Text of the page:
Meanwhile…

Industrial automation is replacing cheap third world labor with labor that’s even cheaper. China supplants India, who “stole” the work from US workers. Advances in automation allow us to keep prices low and allow our businesses to avoid paying modern wages for dangerous work now done by machines, but they also eliminate third-world jobs here in the states.

Are those jobs we want? That laid off industrial worker who now teaches…do we *want* them teaching a 1960s or 1970s skill in a 2011 economy?

Businesses of all sizes outsource work because it’s not efficient to keep people on staff to do that work. Business is then more flexible and the jobs we keep are usually more secure, but low-value employment is hammered by it. Is that good or bad?

Nothing is as simple as the politicos and power hungry want you to think.

Want to be patriotic? Invest in yourself, make something that people want/need, and create your own future.

3 thoughts on “Maker, Taker, Patriot.”

  1. I agree with you. The overly simplistic viewpoint people take just makes things worse – because we analyze things simplistically and poorly and put in place bad policies. So the number of people in manufacturing is how we decided makers? What about farmers? What about software engineers. what about drug researchers?

    Teachers are an interesting area to examine. Calling them takers is ludicrous. But I do believe we have far too many non-teachers in our education system. And wasting teachers doing non-value added work is not helpful. In my view, teachers are good. But that doesn’t mean twice as many teachers are twice as good. We need to have teachers being effective, but if we put them in either the taker or maker camp they clearly go in maker in my view.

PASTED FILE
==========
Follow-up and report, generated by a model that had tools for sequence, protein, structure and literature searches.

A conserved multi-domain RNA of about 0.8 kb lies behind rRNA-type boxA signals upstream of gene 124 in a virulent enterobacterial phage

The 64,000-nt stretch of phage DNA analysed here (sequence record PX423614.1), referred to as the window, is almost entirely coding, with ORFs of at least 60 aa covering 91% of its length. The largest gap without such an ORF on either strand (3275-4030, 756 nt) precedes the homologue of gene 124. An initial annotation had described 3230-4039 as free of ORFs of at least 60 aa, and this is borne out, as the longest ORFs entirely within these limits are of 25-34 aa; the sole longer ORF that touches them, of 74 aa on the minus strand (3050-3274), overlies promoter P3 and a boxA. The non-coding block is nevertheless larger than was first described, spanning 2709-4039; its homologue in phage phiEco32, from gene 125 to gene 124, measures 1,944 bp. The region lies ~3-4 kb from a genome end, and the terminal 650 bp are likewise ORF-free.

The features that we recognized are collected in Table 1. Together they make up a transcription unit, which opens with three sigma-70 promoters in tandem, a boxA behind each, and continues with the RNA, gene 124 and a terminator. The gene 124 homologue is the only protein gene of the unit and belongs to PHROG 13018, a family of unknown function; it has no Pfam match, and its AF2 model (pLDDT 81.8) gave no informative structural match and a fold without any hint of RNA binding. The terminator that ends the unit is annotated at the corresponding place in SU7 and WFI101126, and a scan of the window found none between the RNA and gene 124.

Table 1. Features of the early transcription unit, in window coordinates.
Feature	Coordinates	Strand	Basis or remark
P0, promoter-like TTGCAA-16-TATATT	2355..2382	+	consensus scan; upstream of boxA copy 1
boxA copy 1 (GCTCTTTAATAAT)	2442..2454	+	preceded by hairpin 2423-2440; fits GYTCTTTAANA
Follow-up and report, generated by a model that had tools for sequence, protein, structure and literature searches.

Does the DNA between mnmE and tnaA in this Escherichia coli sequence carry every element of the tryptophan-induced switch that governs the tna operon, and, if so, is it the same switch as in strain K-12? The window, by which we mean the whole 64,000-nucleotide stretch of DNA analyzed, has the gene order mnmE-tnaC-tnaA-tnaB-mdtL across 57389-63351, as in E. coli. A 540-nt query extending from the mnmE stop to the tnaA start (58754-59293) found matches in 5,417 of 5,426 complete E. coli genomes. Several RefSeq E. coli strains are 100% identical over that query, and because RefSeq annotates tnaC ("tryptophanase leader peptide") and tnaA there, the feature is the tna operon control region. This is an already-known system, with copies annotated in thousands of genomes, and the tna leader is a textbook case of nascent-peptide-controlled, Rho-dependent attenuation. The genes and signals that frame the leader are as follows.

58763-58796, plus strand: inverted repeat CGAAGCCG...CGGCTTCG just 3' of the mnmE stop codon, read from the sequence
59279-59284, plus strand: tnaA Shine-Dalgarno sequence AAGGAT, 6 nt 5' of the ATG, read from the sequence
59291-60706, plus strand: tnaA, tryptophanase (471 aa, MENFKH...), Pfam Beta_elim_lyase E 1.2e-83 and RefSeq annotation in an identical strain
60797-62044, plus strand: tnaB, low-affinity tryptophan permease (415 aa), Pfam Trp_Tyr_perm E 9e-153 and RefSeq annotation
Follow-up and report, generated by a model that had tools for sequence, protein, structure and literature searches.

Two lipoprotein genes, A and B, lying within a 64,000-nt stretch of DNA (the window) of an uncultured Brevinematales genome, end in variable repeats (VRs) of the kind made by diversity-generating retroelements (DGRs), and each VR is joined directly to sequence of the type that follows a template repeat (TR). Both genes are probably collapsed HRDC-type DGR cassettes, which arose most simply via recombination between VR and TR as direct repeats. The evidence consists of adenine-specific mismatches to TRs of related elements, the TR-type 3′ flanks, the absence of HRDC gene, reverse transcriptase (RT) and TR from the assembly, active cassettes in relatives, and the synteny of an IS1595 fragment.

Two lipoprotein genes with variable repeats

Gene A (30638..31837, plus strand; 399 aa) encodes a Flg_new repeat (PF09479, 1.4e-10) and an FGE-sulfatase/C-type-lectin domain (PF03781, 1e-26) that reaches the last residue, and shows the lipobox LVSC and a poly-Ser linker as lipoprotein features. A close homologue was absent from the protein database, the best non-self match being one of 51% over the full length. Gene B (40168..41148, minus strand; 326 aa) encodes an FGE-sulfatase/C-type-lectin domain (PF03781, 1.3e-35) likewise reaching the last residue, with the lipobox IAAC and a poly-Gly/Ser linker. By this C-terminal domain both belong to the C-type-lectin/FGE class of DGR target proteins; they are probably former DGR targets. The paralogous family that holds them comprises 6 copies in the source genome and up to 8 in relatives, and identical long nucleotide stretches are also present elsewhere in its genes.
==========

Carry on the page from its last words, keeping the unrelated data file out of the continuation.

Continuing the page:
We need to reducing spending in government and likely increase taxes. The last 4+ decades we have spent more than we take in consistently and used fake accounting to make it seem less bad than it was. We continue to elect those pushing the credit card government plan (it is universal – it seems pretty obvious looking at the data the Republicans do much more credit card spending, but in any event both parties have had it as their central result for most of the last 70 years).

    Talking about reducing some minor spending on some political area is all they ever seem to do. Given the serious budget issues anyone wasting time on what amount to paperclips (as far as spending) is not serious about reform. they want to retain the credit card policies and just focus discussion on cutting paperclips so all the other spending and huge tax giveaways are not discussed. They have done so successfully for decades and the country is much worse off due to their games.

  2. I have just one question for you. Who benefits when 3rd world workers steal your jobs? It’s your American shareholders! Calling people cheap labor is a cheap statement! May be you need to learn to be civil!

    1. Savio,

      I wasnt using “cheap” as an insult. Labor costs differ from area to area and country to country. I could have said “less expensive” rather than “cheap”. Certainly shareholders benefit from lower labor costs, at least for the short term.

      What people often forget is that sending this work outside the US raises the living standards (or at least should) of the people who get that work. Eventually, it should create new markets for products for businesses all over the world.

      Thanks for reading and commenting:)